Arriving at the rally site we quickly set up our five star accommodation and threw any unnecessary gear inside the tents so we could head off for the thermal pool at Yarrangobilly Caves. The caves are a short ride along the Snowy Mountains Highway followed by a short gravel road to the Ranger Station. In previous years we have visited the caves but this year our destination was a litle bit further away and nearer the exit road. Once at the car park you realise you have to be fit to go swimming or even to look at the pools close up as there is a 700 metre walk down the mountain side to get to the pools. The water comes out of the ground at 27 degrees - colder than body temperature but warmer than the air temperature we were experiencing. We all made the 700 metre side of a cliff walk but only two out of the three riders were feeling fit enough or possibly mad enough to go for a dip. Once in it was beautiful but very difficult to get out of especially when thinking of having to get changed back into riding gear.
By the time we worked up enough courage to get out of the pool and had walked the 700 metres back up the side of the mountain it was time to use headlights to get back to the rally site.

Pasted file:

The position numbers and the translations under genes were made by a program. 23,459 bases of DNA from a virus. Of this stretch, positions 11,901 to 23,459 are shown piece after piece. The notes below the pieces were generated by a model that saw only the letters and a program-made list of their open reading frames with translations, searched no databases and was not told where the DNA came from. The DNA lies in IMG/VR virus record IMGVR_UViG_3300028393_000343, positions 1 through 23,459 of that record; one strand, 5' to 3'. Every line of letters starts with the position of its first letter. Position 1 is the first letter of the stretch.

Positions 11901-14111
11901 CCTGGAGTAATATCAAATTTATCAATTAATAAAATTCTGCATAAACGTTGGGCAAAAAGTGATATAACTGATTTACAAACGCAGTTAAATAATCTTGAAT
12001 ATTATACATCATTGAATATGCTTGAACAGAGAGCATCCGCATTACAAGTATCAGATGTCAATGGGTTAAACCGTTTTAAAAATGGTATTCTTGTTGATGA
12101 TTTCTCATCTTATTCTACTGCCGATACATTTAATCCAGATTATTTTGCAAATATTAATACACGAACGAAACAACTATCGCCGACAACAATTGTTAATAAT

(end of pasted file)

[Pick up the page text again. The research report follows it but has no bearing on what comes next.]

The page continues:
The usual happenings happened overnight at the Rally Site and what happens at the Rally stays at the Rally. I saw a few other BMW MCC Vic members as well as many other rally goers that I have met over the years. This year I did not hear anyone doing burnouts and the fireworks were as good as always.
Sunday morning and the thermometer on some bikes reported -6 and mine reported -4. As minus 6 sounds better that is the official temperature! Water left out in bottles was partially frozen and some people were heard to complain about airbed's deflating overnight. The idea of buying an egg and bacon roll, in theory was a good idea, but I am reliably informed that heating up the outside of their egg and bacon roll leaves the middle still frozen.
Rally Attendance Badges are traditionally handed out at 9am. The rally originally started in 1969 and has been running continuously since then. The 50th anniversary is rapidly approaching and many people have attended over the years. There is a general rule that the rally is for 2 and 3 wheel vehicles but as a special concession the 50th anniversary in 2019 will allow anyone who has attended previously and can no longer travel on a 2 or 3 wheeler to attend in a 4 (or more) wheeled vehicle. To have this privilege you must be able to present your old rally badge.
After the badges were distributed we packed our remaining items onto the bikes and said our farewells before heading south towards some of the best hot chocolate in the country at Cabramurra. From Yarrongobilly we travelled south along the Snowy Mountains Highway before turning right just before Kiandra onto Link Road going past the Mount Selwyn snowfields where we had been assured there was snow suitable for tobogganing but not for sking.